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Of the fish you listed, smelt and flounder are pretty easy to prepare. Smelt bones are soft even prior to cooking, though honestly boiling isn't an ideal preparation for fish - pan frying tends to do a much better job of breaking down the cartilaginous structures. If it's a health issue, use a light oil (though I prefer olive oil or an olive oil and butter blend). If frying is completely out of the option, baking would probably still be better than boiling.

Really, most fish aren't particularly "bony" when prepared in any common manner. The only fish I can say off hand is VERY difficult and should be completely deboned is pike, particularly Northern Pike - but you aren't likely to find them in a grocery store.

Additionally, if you are buying filets, they will typically be deboned already as part of the filetting process. If you are buying whole fish to filet yourself, you really need to learn about each fish and work to remove as much of the bone as possible as you filet them. There are ways to filet even pike so that the resulting filet has no bones at all.

  • Yea, frying's out of the question. I wanted to bake, but I have a really old electric stove, which will eat way too much electricity. I looked into buying one of those small dedicated ovens, but they cost way too much, I can't afford them, especially if I'm looking for something more than the cheapest one. I'm thinking that maybe I can use the oven twice a week (to eat fish daily), then I wouldn't need to boil the fish. I'm going to see if I can store the fish for 3-4 days in a fridge without it going bad first though. – Jack Mar 24 '16 at 22:02
  • Fillets aren't available for anything except one cheaper fish that's some kind of weird species of catfish. I'm not sure if I want to eat it. Otherwise there's cheaper fish that is (or isn't) gutted, just the whole fish. Where I'm from, the stores are pretty bad. If you are curious, the only other fillets that I can get are those of salmon, but they are way too costly for me. The rest of the fish is just whole fish. – Jack Mar 24 '16 at 22:04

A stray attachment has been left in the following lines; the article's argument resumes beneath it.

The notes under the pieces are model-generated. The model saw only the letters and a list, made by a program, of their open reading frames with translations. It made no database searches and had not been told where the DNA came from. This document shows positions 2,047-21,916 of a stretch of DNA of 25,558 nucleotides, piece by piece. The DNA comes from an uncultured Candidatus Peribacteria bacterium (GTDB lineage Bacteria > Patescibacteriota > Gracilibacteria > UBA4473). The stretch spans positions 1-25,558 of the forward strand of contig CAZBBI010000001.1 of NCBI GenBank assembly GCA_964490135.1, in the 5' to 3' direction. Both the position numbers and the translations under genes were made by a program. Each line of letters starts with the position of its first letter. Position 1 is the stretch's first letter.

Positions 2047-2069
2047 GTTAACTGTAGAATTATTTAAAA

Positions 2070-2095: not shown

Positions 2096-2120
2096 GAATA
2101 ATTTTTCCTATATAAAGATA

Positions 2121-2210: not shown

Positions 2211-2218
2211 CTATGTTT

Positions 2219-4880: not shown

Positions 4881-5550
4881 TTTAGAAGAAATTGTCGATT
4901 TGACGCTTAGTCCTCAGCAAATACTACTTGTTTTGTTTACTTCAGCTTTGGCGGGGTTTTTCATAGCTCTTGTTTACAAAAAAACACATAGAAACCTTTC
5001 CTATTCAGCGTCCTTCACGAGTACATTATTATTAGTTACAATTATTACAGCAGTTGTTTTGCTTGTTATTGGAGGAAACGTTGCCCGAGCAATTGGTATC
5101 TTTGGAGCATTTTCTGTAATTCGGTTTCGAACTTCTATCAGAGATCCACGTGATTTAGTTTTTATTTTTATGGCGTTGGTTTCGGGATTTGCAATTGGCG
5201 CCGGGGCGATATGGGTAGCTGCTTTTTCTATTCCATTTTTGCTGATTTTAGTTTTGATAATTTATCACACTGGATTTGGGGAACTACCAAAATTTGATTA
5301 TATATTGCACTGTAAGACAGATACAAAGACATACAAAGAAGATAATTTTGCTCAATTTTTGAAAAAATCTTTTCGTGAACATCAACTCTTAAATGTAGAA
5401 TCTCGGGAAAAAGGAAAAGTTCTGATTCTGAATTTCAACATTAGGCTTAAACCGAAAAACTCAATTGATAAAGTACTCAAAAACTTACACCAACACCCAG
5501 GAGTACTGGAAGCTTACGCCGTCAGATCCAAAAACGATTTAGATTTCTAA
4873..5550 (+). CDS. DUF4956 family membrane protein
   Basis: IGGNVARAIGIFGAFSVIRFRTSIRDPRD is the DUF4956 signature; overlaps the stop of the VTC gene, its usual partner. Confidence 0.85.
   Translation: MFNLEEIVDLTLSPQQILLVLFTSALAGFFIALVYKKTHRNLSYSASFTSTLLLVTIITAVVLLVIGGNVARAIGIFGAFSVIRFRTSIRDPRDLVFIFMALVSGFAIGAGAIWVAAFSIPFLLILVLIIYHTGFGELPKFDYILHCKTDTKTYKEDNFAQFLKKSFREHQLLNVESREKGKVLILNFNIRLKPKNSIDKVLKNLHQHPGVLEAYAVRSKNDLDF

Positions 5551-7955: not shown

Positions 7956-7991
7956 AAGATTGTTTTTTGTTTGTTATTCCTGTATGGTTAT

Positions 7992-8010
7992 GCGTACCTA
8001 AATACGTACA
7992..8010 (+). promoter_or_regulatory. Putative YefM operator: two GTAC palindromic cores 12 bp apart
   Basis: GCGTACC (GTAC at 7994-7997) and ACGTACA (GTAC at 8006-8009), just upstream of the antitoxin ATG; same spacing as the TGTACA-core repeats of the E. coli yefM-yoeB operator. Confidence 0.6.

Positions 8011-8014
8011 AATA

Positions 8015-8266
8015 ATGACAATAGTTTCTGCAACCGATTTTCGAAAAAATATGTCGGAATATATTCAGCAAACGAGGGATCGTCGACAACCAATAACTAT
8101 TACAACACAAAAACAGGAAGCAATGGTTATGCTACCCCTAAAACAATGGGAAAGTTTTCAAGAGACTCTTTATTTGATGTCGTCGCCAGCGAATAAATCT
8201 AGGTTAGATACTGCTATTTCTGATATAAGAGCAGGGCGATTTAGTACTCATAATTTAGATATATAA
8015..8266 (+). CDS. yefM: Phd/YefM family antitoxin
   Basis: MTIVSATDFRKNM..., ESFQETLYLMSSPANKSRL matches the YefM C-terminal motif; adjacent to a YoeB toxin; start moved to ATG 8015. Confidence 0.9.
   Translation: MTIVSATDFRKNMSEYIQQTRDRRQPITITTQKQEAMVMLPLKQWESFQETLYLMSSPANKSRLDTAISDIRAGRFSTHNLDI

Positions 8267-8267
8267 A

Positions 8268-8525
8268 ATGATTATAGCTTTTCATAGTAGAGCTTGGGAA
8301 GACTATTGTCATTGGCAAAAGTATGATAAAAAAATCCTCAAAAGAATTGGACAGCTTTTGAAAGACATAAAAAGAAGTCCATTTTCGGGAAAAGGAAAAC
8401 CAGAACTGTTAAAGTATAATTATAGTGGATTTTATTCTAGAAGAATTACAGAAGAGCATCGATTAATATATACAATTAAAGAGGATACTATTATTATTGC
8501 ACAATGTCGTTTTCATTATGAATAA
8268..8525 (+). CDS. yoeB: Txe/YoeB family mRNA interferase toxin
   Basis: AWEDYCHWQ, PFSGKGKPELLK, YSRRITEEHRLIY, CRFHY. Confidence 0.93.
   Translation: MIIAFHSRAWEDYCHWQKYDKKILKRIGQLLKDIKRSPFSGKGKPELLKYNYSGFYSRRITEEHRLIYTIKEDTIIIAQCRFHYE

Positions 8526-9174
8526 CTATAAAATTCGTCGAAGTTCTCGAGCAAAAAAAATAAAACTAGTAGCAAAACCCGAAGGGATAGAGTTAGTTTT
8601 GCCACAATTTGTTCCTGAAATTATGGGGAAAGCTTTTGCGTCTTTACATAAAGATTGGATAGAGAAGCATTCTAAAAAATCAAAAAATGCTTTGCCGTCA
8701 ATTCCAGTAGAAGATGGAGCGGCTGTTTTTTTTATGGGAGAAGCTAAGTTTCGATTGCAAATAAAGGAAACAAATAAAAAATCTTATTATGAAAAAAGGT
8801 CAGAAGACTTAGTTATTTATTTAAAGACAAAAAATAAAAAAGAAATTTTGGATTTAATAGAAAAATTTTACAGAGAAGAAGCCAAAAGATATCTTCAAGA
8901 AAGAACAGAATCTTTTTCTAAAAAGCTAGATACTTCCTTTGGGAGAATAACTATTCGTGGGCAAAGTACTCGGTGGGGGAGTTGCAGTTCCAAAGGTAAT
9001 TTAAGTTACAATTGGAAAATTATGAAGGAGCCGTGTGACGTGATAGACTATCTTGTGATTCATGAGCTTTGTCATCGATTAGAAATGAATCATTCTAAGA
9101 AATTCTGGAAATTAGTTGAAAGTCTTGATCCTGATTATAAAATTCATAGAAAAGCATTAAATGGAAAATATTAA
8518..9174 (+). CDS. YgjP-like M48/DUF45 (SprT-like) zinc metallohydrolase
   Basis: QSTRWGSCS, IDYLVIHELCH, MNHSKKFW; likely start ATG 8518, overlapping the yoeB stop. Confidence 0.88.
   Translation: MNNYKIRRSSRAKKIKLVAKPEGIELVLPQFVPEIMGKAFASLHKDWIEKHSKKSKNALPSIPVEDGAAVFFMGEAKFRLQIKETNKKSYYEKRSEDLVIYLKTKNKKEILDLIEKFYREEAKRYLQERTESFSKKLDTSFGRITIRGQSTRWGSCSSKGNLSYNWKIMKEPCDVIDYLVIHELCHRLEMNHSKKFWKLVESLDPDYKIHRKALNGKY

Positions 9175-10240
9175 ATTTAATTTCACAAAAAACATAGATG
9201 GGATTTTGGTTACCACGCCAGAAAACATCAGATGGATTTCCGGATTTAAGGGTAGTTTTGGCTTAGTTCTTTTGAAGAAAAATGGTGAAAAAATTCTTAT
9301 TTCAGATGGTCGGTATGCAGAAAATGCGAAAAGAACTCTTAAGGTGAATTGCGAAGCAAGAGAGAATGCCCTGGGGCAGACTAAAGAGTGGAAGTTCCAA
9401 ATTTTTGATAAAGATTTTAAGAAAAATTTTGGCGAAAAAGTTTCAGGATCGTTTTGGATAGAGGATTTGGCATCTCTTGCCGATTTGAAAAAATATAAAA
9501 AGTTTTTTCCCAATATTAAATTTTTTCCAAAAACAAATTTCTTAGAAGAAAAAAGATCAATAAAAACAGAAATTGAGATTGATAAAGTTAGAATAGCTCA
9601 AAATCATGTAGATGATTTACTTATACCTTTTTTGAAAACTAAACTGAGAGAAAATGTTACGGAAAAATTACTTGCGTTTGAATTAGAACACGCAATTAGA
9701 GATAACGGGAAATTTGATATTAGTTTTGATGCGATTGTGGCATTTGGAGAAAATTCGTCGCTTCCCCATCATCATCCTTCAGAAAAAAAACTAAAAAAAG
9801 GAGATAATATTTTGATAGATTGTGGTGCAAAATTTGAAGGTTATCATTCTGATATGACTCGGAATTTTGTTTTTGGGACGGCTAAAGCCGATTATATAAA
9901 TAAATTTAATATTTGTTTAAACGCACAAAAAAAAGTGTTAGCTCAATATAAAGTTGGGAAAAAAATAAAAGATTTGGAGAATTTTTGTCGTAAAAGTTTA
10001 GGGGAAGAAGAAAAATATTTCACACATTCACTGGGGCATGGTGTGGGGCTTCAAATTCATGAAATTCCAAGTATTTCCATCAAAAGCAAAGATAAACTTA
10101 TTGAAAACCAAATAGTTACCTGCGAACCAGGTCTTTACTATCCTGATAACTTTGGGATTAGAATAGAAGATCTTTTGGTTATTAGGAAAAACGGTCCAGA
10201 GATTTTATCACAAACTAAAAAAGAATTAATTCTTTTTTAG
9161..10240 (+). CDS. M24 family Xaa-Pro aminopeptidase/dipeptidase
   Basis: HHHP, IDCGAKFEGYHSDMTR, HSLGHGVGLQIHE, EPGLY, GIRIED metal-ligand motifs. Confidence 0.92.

• As for deboning process, the main bone (spine?) is not a big problem. I never had any problems taking it away from smoked fish on any fish I have ever tried. The problems begin when we're talking the small bones in the meat which don't come from the spine. Those are the dangerous bones which lead you to nitpicking every single piece of fish. I find that so annoying! It's a horrible waste of time. – Jack Mar 24 '16 at 22:06
  • well, the spine wouldn't be a problem if you are fileting correctly anyhow. Basically once you have the two filets separated, rub your knuckles firmly along the filets and the pin bones will "pop" out of the flesh, then you can readily grab them with tweezers (or pliers) and pull them out. It takes a bit of practice, but it's doable. Again, the type of fish is a big note here. I've never deboned smelt. In fact, you can fry (I know, no frying) them whole and eat them entirely. seriouseats.com/2011/03/nose-to-tail-fish-eating.html – Jesse Williams Mar 25 '16 at 13:52
  • Also, just curious, why are you so concerned about the fish bones? Aside from a very slight potential choking hazard, fish bones are not a real danger. Yes, sometimes people have complications from eating fish bones, but at no higher a rate than they do eating literally any other food. It's a bit of an old wives tale that fish bones are somehow extremely dangerous. If that were the case, the population of coastal Asia would be all but gone. :p – Jesse Williams Mar 25 '16 at 14:10